April 25 (UPI) -- The U.S. Supreme Court declined to hear a General Motors appeal, potentially exposing the company to new liabilities in its ignition switch lawsuits.
At least 124 people were killed and at least 275 were injured in small cars made by the old GM in which faulty ignition switches were found to be responsible for accidents. In 2014, the company recalled over 2.7 million cars with ignition switches that could cause cars to stall while being driven.
Dealing with the issue occupied most of the first year of Mary Barra's tenure as GM CEO.
The court left intact, without comment, a 2nd Circuit Court of Appeals ruling that said GM's 2009 bankruptcy was not a shield from lawsuits regarding accidents that occurred prior to the bankruptcy and reorganization of the company. GM contended that it emerged as a new company, not involved in any legal claims predating the bankruptcy. It noted a federal bankruptcy law provision that allows a purchaser to acquire a debtor's assets "free and clear." The appeals court ruled the provision does not apply to GM's situation because the company was aware of the defect prior to the bankruptcy and did not notify each potentially affected customer.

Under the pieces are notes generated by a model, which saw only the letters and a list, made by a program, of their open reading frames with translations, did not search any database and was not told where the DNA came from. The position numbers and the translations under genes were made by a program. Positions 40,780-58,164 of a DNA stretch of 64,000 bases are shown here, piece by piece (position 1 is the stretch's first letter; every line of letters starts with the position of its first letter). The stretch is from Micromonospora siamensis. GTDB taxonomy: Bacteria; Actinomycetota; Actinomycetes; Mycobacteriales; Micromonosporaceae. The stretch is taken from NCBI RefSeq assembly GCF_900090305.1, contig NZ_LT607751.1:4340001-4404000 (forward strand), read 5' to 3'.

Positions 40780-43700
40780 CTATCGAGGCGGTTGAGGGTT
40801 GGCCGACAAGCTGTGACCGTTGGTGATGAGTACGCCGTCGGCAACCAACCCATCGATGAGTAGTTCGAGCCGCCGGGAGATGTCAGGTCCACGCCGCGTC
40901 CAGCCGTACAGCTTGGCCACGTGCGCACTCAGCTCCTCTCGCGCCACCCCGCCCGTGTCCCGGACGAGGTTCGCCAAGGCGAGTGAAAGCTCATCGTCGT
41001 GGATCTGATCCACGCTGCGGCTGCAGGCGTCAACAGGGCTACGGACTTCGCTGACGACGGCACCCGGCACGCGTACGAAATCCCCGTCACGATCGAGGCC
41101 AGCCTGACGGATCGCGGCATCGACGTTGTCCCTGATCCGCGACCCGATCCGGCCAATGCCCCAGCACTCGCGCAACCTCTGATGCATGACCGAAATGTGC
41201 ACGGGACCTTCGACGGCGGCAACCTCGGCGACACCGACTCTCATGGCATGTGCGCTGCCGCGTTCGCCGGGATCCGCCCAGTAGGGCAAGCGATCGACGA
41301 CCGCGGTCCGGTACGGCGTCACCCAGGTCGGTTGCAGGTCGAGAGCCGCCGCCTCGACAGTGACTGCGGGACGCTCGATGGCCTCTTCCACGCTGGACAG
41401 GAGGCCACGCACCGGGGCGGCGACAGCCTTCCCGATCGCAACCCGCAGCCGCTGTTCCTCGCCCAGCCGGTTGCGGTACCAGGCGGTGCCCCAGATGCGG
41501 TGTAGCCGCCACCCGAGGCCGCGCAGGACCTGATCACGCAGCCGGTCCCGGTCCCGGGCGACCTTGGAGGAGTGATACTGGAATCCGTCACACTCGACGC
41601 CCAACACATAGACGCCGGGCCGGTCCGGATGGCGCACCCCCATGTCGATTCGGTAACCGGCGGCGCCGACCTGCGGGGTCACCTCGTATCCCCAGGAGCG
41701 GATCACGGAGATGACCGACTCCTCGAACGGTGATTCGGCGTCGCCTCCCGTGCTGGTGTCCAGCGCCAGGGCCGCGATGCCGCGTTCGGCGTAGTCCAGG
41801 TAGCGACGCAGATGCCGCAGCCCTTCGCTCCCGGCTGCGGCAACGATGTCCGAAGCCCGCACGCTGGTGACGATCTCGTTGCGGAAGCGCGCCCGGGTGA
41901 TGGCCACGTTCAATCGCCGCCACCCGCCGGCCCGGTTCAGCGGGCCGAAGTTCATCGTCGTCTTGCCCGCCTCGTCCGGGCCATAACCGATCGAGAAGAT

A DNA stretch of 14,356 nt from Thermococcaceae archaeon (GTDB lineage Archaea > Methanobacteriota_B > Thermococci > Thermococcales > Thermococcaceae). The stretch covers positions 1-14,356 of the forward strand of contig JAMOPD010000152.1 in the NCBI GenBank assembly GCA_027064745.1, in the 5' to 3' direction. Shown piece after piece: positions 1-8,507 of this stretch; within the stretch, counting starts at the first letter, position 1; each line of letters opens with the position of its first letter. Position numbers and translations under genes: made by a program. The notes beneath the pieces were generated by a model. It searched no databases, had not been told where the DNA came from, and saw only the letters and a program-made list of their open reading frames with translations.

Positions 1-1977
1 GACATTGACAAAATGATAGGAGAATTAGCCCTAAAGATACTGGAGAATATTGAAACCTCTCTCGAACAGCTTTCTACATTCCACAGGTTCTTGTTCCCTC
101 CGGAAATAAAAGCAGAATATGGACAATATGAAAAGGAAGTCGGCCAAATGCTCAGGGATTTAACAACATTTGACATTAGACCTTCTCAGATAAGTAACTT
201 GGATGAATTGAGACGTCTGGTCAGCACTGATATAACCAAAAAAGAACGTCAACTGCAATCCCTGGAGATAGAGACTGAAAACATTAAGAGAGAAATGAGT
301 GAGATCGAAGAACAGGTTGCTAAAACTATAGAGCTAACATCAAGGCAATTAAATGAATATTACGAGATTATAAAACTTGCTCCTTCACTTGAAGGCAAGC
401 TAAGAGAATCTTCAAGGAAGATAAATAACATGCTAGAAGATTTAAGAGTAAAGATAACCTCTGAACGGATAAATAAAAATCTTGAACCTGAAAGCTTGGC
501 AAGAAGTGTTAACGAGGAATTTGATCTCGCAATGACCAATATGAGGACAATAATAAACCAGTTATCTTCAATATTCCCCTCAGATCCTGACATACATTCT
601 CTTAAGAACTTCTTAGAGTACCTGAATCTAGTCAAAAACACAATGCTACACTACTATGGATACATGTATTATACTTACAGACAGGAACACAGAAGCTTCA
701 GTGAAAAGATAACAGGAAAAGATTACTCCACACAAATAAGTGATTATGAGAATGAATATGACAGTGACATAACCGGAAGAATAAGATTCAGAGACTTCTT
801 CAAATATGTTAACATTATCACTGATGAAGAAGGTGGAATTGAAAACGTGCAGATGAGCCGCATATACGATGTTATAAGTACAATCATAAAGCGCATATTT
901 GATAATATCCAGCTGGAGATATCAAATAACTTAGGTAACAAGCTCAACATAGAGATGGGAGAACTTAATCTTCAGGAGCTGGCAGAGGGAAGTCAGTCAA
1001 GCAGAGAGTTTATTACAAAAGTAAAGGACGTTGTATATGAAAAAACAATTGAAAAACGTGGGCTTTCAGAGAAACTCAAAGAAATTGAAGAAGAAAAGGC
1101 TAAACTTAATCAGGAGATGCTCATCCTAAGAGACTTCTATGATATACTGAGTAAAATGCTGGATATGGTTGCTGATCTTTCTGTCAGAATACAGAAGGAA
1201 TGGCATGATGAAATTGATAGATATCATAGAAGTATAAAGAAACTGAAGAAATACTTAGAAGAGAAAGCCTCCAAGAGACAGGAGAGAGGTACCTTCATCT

The court's decision Monday indicates that GM will have to end claims against it with settlements and payouts, or face individual cases in court. Plaintiffs' lawyers have estimated that claims against the company could total $10 billion, Bloomberg News reported Tuesday. It added that payouts could interfere with stock dividend payments or GM's aim to buy back its stock.